About: Halide is a(n) research topic. Over the lifetime, 26835 publication(s) have been published within this topic receiving 380082 citation(s). The topic is also known as: halide salt & halide salts.
02 Feb 2015-Nano Letters
TL;DR: The compelling combination of enhanced optical properties and chemical robustness makes CsPbX3 nanocrystals appealing for optoelectronic applications, particularly for blue and green spectral regions (410–530 nm), where typical metal chalcogenide-based quantum dots suffer from photodegradation.
Abstract: Metal halides perovskites, such as hybrid organic–inorganic CH3NH3PbI3, are newcomer optoelectronic materials that have attracted enormous attention as solution-deposited absorbing layers in solar cells with power conversion efficiencies reaching 20%. Herein we demonstrate a new avenue for halide perovskites by designing highly luminescent perovskite-based colloidal quantum dot materials. We have synthesized monodisperse colloidal nanocubes (4–15 nm edge lengths) of fully inorganic cesium lead halide perovskites (CsPbX3, X = Cl, Br, and I or mixed halide systems Cl/Br and Br/I) using inexpensive commercial precursors. Through compositional modulations and quantum size-effects, the bandgap energies and emission spectra are readily tunable over the entire visible spectral region of 410–700 nm. The photoluminescence of CsPbX3 nanocrystals is characterized by narrow emission line-widths of 12–42 nm, wide color gamut covering up to 140% of the NTSC color standard, high quantum yields of up to 90%, and radiativ...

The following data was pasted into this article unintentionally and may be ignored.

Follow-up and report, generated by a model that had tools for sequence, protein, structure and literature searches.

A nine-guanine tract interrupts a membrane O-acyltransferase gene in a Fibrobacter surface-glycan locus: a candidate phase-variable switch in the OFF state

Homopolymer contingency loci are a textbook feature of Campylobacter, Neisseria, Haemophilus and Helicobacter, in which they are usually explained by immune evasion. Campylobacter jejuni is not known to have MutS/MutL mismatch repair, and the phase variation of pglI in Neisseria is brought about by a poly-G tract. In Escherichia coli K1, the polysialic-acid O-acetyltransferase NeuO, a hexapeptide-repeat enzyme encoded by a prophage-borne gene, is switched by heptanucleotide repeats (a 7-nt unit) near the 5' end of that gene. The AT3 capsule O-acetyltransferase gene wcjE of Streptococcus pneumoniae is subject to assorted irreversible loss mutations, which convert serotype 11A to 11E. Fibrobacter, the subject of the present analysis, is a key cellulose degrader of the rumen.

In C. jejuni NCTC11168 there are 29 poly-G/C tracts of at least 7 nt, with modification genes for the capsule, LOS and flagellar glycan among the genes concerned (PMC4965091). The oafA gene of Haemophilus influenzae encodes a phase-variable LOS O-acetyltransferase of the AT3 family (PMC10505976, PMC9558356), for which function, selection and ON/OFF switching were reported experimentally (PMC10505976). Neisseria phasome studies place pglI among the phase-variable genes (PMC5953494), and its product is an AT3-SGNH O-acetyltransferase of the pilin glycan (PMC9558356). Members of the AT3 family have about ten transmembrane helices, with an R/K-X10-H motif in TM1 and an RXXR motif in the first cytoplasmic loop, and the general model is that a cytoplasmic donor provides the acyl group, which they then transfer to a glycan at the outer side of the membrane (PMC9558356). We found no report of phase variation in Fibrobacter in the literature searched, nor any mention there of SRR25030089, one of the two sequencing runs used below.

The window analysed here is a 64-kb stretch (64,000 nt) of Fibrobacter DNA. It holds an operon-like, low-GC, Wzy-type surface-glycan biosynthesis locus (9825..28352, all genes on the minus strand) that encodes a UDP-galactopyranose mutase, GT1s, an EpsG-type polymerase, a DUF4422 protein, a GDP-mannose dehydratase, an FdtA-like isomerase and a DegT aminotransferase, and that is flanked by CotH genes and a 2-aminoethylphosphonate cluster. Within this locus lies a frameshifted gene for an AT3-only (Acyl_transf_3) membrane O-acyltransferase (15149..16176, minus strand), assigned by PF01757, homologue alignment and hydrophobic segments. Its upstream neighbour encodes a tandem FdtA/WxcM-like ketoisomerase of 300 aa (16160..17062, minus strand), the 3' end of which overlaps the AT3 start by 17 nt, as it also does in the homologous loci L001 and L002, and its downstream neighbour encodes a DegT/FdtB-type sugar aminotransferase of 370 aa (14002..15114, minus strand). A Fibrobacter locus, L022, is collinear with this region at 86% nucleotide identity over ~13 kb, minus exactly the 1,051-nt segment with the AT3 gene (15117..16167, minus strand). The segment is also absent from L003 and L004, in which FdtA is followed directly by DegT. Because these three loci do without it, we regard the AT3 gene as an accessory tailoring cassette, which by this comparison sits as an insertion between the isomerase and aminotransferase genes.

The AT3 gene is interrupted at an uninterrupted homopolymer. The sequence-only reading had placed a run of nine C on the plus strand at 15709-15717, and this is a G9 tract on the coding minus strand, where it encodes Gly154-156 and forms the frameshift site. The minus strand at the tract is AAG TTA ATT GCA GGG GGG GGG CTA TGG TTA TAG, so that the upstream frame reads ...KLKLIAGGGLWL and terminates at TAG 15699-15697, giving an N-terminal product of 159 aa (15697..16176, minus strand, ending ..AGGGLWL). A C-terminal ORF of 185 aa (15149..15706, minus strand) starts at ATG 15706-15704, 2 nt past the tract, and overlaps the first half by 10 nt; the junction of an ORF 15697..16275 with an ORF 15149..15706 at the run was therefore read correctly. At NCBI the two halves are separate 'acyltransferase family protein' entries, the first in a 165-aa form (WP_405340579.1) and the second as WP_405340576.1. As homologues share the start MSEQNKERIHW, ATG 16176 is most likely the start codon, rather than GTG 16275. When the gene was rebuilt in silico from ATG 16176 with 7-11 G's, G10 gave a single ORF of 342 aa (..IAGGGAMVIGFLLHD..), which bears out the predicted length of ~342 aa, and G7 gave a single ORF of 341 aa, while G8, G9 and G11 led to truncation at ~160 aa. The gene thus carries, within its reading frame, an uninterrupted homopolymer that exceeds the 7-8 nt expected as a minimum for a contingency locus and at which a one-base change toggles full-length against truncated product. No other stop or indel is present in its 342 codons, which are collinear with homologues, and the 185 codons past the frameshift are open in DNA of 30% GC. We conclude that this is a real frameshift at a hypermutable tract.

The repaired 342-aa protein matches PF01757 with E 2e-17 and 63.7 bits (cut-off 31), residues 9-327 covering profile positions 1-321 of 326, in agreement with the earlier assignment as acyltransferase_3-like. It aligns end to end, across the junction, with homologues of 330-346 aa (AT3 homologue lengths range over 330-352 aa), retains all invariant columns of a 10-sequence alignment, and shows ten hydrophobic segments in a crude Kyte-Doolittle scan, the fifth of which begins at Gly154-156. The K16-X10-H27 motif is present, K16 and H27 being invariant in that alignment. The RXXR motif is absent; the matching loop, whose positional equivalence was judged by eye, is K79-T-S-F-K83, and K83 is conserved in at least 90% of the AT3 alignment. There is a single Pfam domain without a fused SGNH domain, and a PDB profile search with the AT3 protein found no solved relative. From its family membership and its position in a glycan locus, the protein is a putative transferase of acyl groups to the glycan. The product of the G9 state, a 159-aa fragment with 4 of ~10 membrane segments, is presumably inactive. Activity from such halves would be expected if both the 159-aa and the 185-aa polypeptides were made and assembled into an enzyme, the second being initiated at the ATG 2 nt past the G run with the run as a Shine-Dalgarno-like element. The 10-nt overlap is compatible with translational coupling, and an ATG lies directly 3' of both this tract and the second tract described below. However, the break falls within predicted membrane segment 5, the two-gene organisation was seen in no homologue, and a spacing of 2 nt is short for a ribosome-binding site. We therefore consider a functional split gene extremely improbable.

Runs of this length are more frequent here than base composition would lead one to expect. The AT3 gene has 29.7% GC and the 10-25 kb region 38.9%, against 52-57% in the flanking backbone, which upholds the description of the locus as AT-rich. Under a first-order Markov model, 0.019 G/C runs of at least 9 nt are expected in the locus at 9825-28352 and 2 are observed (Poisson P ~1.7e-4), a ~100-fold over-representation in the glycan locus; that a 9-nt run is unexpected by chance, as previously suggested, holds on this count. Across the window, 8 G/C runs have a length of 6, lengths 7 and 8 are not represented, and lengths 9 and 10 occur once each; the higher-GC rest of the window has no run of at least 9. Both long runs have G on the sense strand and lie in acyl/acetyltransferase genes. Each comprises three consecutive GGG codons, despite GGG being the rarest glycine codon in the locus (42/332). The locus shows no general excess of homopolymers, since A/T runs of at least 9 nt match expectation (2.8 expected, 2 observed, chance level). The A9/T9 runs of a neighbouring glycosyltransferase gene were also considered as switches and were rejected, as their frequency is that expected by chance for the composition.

30 Jun 2017-Science
TL;DR: The introduction of additional iodide ions into the organic cation solution, which is used to form the perovskite layers through an intramolecular exchanging process, decreases the concentration of deep-level defects, enabling the fabrication of PSCs with a certified power conversion efficiency.
Abstract: The formation of a dense and uniform thin layer on the substrates is crucial for the fabrication of high-performance perovskite solar cells (PSCs) containing formamidinium with multiple cations and mixed halide anions. The concentration of defect states, which reduce a cell’s performance by decreasing the open-circuit voltage and short-circuit current density, needs to be as low as possible. We show that the introduction of additional iodide ions into the organic cation solution, which are used to form the perovskite layers through an intramolecular exchanging process, decreases the concentration of deep-level defects. The defect-engineered thin perovskite layers enable the fabrication of PSCs with a certified power conversion efficiency of 22.1% in small cells and 19.7% in 1-square-centimeter cells.
08 Jan 2016-Science
TL;DR: It is shown that using cesium ions along with formamidinium cations in lead bromide–iodide cells improved thermal and photostability and lead to high efficiency in single and tandem cells.